*We must include spirituality, for without it, it will be a journey to the abyss; it will be like a bus ride to nowhere, ploughing and motoring everything on its path.
*There are limits to our patterns of production and consumption. Imaginative and unhealthy consumptions of resources and processed foods will in the end consume us.
*Our human creativity which enabled us to develop industries and our societies must be held in check by our awareness of the delicate web of life of our environmental ecosystems.
*Fishery policy must take into consideration the wisdoms of our indigenous knowledge, traditions and religions. We simply need to revise how we perceive future development in fishery.
The ecological and developmental condition of our region today, let alone the world, is an affront to one’s moral senses. We simply cannot ignore the growing poverty among our people; the rich few and the many poor; the depletion of our Ocean and land resources; the social ills that are festering our societies in the Pacific such as violence against women and children, and the increasing isolation of our elderly people, to name a few.
We will need to cultivate a sense that the land and the Ocean and everything in them have equal right to exist and be here as we human beings are. Perhaps that is the first step to sustainable development for fishery. If we do so, than there is much hope for our region and our world. We are not what we eat, buy or drink. We are truly human when we learn to care for each other, for our land and Ocean.
Let me conclude by reading to you a prayer so-called the Romero prayer, by late Archbishop Oscar Romero of El Salvador, titled:
We are prophets of a Future Not Our Own
It helps now and then to step back and take a long view. The Kingdom is not only beyond our efforts, it is beyond our vision.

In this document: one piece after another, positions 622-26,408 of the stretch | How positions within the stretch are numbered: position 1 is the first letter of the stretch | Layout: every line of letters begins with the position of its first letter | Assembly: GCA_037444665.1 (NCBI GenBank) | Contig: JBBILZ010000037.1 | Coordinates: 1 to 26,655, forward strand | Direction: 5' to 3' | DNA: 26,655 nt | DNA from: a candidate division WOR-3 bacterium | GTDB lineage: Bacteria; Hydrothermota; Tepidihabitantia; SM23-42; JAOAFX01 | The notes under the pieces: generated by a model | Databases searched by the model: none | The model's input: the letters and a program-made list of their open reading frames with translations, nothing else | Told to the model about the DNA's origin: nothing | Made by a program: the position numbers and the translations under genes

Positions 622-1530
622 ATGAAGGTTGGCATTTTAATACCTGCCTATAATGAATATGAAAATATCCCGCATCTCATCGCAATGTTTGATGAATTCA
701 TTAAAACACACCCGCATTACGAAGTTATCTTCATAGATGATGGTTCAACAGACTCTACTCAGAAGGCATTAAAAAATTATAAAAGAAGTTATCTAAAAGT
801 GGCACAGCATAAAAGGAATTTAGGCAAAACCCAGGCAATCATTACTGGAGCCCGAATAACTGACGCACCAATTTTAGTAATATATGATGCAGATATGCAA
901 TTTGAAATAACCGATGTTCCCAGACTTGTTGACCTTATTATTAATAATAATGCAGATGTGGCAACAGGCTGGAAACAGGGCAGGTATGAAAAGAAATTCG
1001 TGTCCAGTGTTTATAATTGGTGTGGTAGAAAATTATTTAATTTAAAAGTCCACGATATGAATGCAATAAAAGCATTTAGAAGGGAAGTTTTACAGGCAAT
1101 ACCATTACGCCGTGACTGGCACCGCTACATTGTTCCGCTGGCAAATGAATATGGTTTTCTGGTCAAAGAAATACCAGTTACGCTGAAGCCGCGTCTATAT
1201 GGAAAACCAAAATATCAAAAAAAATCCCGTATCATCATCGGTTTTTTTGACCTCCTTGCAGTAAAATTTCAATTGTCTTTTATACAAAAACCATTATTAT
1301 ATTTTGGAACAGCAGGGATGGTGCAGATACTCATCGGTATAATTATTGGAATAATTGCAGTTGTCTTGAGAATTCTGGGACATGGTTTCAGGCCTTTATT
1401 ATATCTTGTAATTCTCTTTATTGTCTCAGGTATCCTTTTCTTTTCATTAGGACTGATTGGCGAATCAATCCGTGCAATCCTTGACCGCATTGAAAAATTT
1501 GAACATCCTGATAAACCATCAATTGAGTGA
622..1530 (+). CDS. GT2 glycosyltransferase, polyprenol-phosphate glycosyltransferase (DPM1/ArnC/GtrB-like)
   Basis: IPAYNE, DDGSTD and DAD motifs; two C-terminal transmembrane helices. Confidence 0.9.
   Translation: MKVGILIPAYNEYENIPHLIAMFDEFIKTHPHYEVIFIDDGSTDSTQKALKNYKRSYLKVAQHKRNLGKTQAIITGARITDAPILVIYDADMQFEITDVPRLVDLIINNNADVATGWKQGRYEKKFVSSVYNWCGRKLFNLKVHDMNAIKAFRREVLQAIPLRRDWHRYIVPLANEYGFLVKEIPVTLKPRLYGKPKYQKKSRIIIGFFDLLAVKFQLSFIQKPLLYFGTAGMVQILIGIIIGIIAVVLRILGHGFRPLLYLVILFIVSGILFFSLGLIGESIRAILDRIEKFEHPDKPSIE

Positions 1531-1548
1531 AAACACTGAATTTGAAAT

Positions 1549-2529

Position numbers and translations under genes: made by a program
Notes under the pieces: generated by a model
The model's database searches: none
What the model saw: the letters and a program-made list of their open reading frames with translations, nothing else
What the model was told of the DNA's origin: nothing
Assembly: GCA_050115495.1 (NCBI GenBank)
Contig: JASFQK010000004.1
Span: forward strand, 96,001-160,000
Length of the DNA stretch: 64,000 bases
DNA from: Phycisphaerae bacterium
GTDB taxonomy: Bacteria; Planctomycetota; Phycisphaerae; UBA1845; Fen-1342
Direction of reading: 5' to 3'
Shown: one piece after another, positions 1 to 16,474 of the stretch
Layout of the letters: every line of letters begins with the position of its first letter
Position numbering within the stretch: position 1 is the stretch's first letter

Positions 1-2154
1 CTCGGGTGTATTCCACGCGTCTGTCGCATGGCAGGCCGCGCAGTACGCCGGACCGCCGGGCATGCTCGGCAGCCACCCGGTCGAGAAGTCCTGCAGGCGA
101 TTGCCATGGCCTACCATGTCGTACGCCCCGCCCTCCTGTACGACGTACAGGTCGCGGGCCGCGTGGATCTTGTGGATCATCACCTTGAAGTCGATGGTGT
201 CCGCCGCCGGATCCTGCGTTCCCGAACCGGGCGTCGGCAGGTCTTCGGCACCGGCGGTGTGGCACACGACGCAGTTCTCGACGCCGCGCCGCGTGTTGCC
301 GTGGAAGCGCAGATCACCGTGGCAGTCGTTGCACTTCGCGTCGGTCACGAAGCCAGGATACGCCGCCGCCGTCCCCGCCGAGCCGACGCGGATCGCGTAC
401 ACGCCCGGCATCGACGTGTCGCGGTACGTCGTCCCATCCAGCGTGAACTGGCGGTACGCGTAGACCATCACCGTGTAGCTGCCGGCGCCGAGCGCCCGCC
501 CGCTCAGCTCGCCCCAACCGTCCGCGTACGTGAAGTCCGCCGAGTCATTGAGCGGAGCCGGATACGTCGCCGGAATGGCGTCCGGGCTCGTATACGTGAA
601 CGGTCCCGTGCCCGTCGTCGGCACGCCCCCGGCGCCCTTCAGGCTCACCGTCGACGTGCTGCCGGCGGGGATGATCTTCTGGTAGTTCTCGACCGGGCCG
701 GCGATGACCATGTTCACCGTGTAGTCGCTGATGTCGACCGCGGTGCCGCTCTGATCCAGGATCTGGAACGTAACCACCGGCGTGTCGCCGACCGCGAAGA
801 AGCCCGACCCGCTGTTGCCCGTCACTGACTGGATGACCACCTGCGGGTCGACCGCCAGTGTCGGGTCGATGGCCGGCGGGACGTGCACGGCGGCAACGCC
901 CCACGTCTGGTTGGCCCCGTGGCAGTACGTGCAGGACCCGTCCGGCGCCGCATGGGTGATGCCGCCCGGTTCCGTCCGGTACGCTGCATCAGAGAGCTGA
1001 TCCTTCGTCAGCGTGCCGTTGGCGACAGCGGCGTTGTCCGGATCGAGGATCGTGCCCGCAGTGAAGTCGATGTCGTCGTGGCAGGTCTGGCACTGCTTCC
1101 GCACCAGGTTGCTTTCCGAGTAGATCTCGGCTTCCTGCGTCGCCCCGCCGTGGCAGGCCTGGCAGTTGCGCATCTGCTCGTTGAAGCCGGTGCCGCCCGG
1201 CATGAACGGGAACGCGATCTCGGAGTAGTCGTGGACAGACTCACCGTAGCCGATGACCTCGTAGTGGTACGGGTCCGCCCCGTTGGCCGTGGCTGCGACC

We accomplish in our lifetime only a fraction of the magnificent enterprise that is God's work. Nothing we do is complete, which is another way of saying that the kingdom always lies beyond us.
No statement says all that could be said. No prayer fully expresses our faith. No confession brings perfection, no pastoral visit brings wholeness. No program accomplishes the Church's mission. No set of goals and objectives include everything.
This is what we are about. We plant the seeds that one day will grow. We water the seeds already planted knowing that they hold future promise. We lay foundations that will need further development. We provide yeast that produces effects far beyond our capabilities.
We cannot do everything, and there is a sense of liberation in realizing this. This enables us to do something, and to do it very well. It may be incomplete, but it is a beginning, a step along the way, an opportunity for the Lord's grace to enter and do the rest.
We may never see the end results, but that is the difference between the master builder and the worker.
We are workers, not master builders, ministers, not messiahs. We are prophets of a future not our own. Amen.